Siem Reap Provincial Environment Department officials and archaeologists are conducting research on a large Makara animal statue carved on a rock at the Phnom Kulen National Park in Siem Reap province’s Svay Loeu district.
Provincial Department of Environment director Sun Kong said yesterday the head portion of the broken statue was found by a resident on Saturday and the officials went to inspect the site on Sunday.
He added that the statue was made of sandstone during the sixth century and the body was broken into pieces, noting that officials found 13 pieces of the body nearby the site.
Mr Kong said: “According to the experts, this Makara animal statue is one that we have never seen before. It is approximately 2.14 metres in length and about 0.97 metres high. We have not yet moved the body parts or excavated the head from the site and have told park rangers in the area to guard it in order for officials from relevant ministries and institutions to come and study in detail about the site’s history and reconstruct the pieces.”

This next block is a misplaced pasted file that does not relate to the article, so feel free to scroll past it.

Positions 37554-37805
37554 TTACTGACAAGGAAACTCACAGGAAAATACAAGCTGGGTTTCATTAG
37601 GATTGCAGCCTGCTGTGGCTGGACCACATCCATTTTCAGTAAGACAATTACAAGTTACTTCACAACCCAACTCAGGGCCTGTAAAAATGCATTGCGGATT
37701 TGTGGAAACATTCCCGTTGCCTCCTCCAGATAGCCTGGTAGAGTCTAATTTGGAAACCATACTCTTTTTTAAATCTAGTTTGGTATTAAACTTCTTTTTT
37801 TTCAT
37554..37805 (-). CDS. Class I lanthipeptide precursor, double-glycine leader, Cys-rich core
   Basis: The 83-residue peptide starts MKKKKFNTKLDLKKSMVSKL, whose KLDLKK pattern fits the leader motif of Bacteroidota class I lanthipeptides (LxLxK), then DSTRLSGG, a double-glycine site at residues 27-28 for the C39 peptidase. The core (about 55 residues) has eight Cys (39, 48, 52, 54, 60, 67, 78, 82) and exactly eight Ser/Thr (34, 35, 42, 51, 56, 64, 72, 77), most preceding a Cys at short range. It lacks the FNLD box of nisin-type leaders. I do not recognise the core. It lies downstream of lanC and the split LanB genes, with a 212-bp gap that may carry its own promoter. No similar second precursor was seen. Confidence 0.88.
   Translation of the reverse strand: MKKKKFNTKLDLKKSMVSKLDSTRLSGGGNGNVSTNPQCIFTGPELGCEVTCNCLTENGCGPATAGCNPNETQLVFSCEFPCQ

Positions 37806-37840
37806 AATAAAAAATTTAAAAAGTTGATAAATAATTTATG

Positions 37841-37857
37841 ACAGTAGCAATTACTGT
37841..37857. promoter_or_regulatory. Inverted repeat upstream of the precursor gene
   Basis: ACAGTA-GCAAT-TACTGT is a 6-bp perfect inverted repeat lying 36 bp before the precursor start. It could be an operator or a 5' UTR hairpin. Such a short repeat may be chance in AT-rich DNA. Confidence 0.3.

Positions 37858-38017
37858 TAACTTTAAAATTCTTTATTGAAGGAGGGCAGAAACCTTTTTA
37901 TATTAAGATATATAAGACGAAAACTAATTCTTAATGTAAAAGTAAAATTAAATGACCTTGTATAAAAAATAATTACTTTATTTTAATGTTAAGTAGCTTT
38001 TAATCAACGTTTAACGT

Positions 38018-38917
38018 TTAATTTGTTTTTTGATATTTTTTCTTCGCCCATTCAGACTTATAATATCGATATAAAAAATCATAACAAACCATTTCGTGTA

He noted that experts have not found a foundation of any temple at the site and believe it was just carved out on the rock.
Chhim Samrithy, 38, a craftsman from the province who discovered the statue, said yesterday he spotted it on Saturday while searching for bamboo. “I usually walk in the forest to look for some unique and sacred objects and suddenly spotted this rare statue,” he said. “After seeing it, I took environmental officials and archaeologists to the site and also helped to find some of the missing pieces of the statue.”
Long Kosal, Apsara Authority spokesman, said that the authorities’ archeologists visited the site yesterday and will conduct additional studies to add it to the records.
He said: “The Kulen National Park area is rich in ancient artefects, both above and below the ground. Therefore, I urge people, especially those living in the area, to avoid excavating or clearing archeological sites. If they find ancient objects, please report to the authorities for research to be done to preserve them for future generations.”